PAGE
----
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AuthorThiele, Jan R.dc.contributor.author
AuthorZeller, Johannesdc.contributor.author
AuthorKiefer, Jurijdc.contributor.author
AuthorBraig, Daviddc.contributor.author
AuthorKreuzaler, Sheenadc.contributor.author
AuthorLenz, Yvonnedc.contributor.author
AuthorPotempa, Lawrence A.dc.contributor.author
AuthorGrahammer, Floriandc.contributor.author
AuthorHuber, Tobias B.dc.contributor.author
AuthorHuber-Lang, M.dc.contributor.author
AuthorBannasch, Holgerdc.contributor.author
AuthorStark, G. Björndc.contributor.author
AuthorPeter, Karlheinzdc.contributor.author
AuthorEisenhardt, Steffen U.dc.contributor.author
Date of accession2021-12-07T11:58:31Zdc.date.accessioned
Available in OPARU since2021-12-07T11:58:31Zdc.date.available
Date of first publication2018-04-16dc.date.issued
AbstractIntroduction C-reactive protein circulates as a pentameric protein (pCRP). pCRP is a well-established diagnostic marker as plasma levels rise in response to tissue injury and inflammation. We recently described pro-inflammatory properties of CRP, which are mediated by conformational changes from pCRP to bioactive isoforms expressing pro-inflammatory neo-epitopes [pCRP* and monomeric C-reactive protein (mCRP)]. Here, we investigate the role of CRP isoforms in renal ischemia/reperfusion injury (IRI). Methods Rat kidneys in animals with and without intraperitoneally injected pCRP were subjected to IRI by the time of pCRP exposure and were subsequently analyzed for monocyte infiltration, caspase-3 expression, and tubular damage. Blood urea nitrogen (BUN) was analyzed pre-ischemia and post-reperfusion. CRP effects on leukocyte recruitment were investigated via intravital imaging of rat-striated muscle IRI. Localized conformational CRP changes were analyzed by immunohistochemistry using conformation specific antibodies. 1,6-bis(phosphocholine)-hexane (1,6-bisPC), which stabilizes CRP in its native pentameric form was used to validate CRP effects. Leukocyte activation was assessed by quantification of reactive oxygen species (ROS) induction by CRP isoforms ex vivo and in vitro through electron spin resonance spectroscopy. Signaling pathways were analyzed by disrupting lipid rafts with nystatin and subsequent ROS detection. In order to confirm the translational relevance of our findings, biopsies of microsurgical human free tissue transfers before and after IRI were examined by immunofluorescence for CRP deposition and co-localization of CD68+ leukocytes. Results The application of pCRP aggravates tissue damage in renal IRI. 1,6-bisPC reverses these effects via inhibition of the conformational change that leads to exposure of pro-inflammatory epitopes in CRP (pCRP* and mCRP). Structurally altered CRP induces leukocyte–endothelial interaction and induces ROS formation in leukocytes, the latter can be abrogated by blocking lipid raft-dependent signaling pathways with Nystatin. Stabilizing pCRP in its native pentameric state abrogates these pro-inflammatory effects. Importantly, these findings are confirmed in human IRI challenged muscle tissue. Conclusion These results suggest that CRP is a potent modulator of IRI. Stabilizing the native pCRP conformation represents a promising anti-inflammatory therapeutic strategy by attenuation of leukocyte recruitment and ROS formation, the primary pathomechanisms of IRI.dc.description.abstract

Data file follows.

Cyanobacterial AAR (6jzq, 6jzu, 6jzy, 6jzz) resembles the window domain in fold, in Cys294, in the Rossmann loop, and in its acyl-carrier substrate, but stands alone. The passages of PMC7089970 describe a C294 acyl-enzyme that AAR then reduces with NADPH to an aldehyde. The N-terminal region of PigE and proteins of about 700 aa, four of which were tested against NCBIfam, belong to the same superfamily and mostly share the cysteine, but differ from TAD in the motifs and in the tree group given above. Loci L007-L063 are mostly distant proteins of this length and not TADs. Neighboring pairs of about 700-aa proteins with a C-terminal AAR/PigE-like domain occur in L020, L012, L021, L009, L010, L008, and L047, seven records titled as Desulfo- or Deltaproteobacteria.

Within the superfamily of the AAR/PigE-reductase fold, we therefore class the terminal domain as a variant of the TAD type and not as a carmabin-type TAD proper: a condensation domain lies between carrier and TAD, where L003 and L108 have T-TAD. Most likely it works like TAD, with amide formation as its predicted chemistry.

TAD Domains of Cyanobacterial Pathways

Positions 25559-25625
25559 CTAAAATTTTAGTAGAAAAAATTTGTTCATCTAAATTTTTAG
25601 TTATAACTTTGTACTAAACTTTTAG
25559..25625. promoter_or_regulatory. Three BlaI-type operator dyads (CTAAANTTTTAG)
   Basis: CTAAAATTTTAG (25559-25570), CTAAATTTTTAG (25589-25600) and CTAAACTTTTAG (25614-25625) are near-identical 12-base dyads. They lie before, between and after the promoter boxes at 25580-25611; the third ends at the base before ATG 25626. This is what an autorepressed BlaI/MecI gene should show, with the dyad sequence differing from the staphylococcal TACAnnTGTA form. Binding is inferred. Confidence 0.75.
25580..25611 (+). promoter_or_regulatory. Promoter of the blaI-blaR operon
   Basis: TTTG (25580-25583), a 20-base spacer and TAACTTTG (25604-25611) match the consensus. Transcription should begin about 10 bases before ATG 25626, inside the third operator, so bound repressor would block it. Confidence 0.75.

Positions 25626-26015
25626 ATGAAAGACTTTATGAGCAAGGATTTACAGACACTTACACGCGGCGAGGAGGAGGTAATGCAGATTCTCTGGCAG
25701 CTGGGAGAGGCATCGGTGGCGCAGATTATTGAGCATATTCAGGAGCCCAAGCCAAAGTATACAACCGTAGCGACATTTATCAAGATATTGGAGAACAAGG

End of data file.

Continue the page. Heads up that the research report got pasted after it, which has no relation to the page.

Languageendc.language.iso
PublisherUniversität Ulmdc.publisher
LicenseCC BY 4.0 Internationaldc.rights
Link to license texthttps://creativecommons.org/licenses/by/4.0/dc.rights.uri
Keywordtherapeutic targetsdc.subject
Keywordconformational changedc.subject
Keywordtranslational medical researchdc.subject
Keywordleukocyte recruitmentdc.subject
Keywordrat modelsdc.subject
Dewey Decimal GroupDDC 610 / Medicine & healthdc.subject.ddc
MeSHC-reactive proteindc.subject.mesh
MeSHIschemiadc.subject.mesh
MeSHReactive oxygen speciesdc.subject.mesh
MeSHLeukocytesdc.subject.mesh
TitleA conformational change in C-Reactive protein enhances leukocyte recruitment and reactive Oxygen species generation in Ischemia/Reperfusion injurydc.title
Resource typeWissenschaftlicher Artikeldc.type
SWORD Date2019-12-19T18:12:52Zdc.date.updated
VersionpublishedVersiondc.description.version
DOIhttp://dx.doi.org/10.18725/OPARU-40187dc.identifier.doi
URNhttp://nbn-resolving.de/urn:nbn:de:bsz:289-oparu-40263-2dc.identifier.urn
GNDC-reaktives Proteindc.subject.gnd
GNDLeukozytdc.subject.gnd
InstitutionUKU. Institut für Klinische und Experimentelle Trauma-Immunologieuulm.affiliationSpecific
Peer reviewjauulm.peerReview
DCMI TypeCollectionuulm.typeDCMI
CategoryPublikationenuulm.category
In cooperation withRoosevelt Universityuulm.cooperation
In cooperation withUniversitätsklinikum Hamburg-Eppendorfuulm.cooperation
In cooperation withAlbert-Ludwigs-Universität Freiburguulm.cooperation
In cooperation withBaker Heart and Diabetes Instituteuulm.cooperation
DOI of original publication10.3389/fimmu.2018.00675dc.relation1.doi
Source - Title of sourceFrontiers in Immunologysource.title
Source - Place of publicationFrontiers Mediasource.publisher
Source - Volume9source.volume
Source - Year2018source.year
Source - Article number675source.articleNumber
Source - eISSN1664-3224source.identifier.eissn
Open AccessDOAJ Gold, Green Publisheduulm.OA
Bibliographyuulmuulm.bibliographie


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